The board also approved 2022 pay for the final 2023 levy, an increase of over 4% from last year that will generate an additional $380,000 for the district. In total, the levy is about $9.438 million. School board member Jill Marin voted against the 2022 pay for the final 2023 levy.
“I will not be supporting it because I do not support levying at the maximum even though I guess property values are growing,” she said.
Jennifer Walsh, director of finance and operations for the district, originally presented the levy to school board members back in September.
During that presentation, she said most of the increase in the 2022 pay 2023 levy would occur in the general fund after they approved the renewal of the district’s operating referendum.
“They approved that there would be an inflationary factor each year,” she said at that time.
She said the levy is spread out over the tax base of the entire community and that the tax base was increasing at a higher rate than the district’s portion of property taxes, meaning for someone with a $100,000 home their tax rate would decrease because of the larger tax base.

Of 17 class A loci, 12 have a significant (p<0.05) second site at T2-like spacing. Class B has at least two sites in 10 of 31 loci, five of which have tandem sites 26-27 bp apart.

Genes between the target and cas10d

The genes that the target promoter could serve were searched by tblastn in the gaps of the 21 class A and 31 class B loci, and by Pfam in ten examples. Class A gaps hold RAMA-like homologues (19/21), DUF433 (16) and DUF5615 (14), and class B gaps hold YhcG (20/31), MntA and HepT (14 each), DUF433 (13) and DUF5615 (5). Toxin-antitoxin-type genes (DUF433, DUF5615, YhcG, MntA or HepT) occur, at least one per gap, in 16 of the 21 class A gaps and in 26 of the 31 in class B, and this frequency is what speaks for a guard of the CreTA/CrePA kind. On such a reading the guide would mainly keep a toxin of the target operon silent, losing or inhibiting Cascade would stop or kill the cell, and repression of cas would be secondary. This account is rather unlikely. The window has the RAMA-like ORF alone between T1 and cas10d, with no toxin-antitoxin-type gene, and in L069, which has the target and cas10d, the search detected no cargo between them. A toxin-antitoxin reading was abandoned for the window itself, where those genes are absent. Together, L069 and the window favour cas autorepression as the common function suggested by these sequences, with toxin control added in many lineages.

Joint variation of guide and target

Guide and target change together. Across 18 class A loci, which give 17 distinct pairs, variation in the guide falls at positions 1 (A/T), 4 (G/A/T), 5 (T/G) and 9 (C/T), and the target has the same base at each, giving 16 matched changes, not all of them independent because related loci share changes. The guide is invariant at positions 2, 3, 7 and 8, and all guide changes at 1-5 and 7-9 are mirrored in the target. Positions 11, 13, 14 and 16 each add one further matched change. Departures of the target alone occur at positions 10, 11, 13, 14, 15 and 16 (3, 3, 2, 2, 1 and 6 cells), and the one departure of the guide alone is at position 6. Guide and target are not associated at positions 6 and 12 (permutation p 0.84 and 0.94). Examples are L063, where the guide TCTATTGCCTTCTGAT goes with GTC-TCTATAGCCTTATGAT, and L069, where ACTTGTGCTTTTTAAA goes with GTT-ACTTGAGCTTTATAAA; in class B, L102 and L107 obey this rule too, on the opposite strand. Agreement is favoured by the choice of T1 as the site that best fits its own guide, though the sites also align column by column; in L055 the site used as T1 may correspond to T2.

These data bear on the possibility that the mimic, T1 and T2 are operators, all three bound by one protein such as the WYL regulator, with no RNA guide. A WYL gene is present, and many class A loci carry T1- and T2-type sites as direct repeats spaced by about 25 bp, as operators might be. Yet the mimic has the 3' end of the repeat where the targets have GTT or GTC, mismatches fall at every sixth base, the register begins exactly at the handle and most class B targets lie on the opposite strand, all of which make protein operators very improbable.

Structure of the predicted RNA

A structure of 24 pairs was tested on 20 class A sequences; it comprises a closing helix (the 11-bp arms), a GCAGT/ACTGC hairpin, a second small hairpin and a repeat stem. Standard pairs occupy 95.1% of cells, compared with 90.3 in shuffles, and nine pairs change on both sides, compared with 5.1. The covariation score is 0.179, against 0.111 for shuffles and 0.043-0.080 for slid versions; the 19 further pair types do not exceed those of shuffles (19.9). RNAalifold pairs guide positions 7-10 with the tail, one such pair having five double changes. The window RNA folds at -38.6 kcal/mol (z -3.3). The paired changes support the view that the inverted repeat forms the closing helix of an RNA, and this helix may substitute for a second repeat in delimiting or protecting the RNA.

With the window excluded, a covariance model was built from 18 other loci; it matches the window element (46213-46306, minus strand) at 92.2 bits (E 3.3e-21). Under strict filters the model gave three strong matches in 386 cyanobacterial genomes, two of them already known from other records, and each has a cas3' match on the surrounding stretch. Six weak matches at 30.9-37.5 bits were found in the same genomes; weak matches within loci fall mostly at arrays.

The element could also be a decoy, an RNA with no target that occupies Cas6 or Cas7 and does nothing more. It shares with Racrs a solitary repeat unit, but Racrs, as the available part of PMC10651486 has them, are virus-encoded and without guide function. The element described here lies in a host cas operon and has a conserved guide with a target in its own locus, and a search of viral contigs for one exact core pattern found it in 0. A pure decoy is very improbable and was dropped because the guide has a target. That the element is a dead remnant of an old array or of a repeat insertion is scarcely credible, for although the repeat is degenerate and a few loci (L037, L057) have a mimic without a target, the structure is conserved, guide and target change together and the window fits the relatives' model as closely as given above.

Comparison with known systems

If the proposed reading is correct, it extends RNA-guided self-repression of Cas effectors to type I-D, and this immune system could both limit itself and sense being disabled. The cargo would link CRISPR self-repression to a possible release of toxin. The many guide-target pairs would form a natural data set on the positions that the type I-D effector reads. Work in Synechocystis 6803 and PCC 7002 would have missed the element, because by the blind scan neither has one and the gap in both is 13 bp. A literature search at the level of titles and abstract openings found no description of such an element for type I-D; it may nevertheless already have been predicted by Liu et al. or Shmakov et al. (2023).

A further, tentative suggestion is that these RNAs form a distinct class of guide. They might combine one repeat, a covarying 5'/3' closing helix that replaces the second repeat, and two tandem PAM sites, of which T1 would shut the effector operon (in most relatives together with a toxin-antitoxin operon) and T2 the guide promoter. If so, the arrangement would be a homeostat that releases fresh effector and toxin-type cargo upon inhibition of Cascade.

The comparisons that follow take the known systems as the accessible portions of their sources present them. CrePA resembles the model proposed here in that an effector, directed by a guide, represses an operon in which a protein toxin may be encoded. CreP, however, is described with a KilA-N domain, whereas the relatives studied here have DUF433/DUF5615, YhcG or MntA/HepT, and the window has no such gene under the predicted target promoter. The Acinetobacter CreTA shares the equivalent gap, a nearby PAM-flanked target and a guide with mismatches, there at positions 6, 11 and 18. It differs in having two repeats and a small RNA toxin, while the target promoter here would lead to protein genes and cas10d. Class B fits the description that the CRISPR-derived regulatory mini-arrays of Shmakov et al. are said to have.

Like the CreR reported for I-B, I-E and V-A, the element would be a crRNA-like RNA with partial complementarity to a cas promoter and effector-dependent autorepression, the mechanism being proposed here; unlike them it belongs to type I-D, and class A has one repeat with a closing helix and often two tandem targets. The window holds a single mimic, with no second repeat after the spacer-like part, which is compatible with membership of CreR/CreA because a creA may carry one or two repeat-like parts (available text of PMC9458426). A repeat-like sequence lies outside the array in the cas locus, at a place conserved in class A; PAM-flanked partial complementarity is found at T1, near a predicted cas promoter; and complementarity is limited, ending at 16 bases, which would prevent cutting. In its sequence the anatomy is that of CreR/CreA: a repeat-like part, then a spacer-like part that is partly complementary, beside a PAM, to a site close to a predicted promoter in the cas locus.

In 2022, school property tax for a $100,000 home was $417, while next year it’s projected to be $366.
During the September meeting, Walsh also noted property owners with minimal increase in property values would see a decrease in their share of school property tax.
The local levy accounts for 11% of the district’s total revenue, while the majority of revenue comes from state aid.
According to Walsh, the majority of expenditures were in salaries and benefits. The second biggest source was purchase services, particularly transportation and utilities.
There are three main areas of the levy: the general fund, community service fund and debt service fund.
Currently, enrollment in the district is higher than Walsh projected for the district’s preliminary budget back in June.
Walsh said the district’s referendum market value was over 20% higher than it was last year.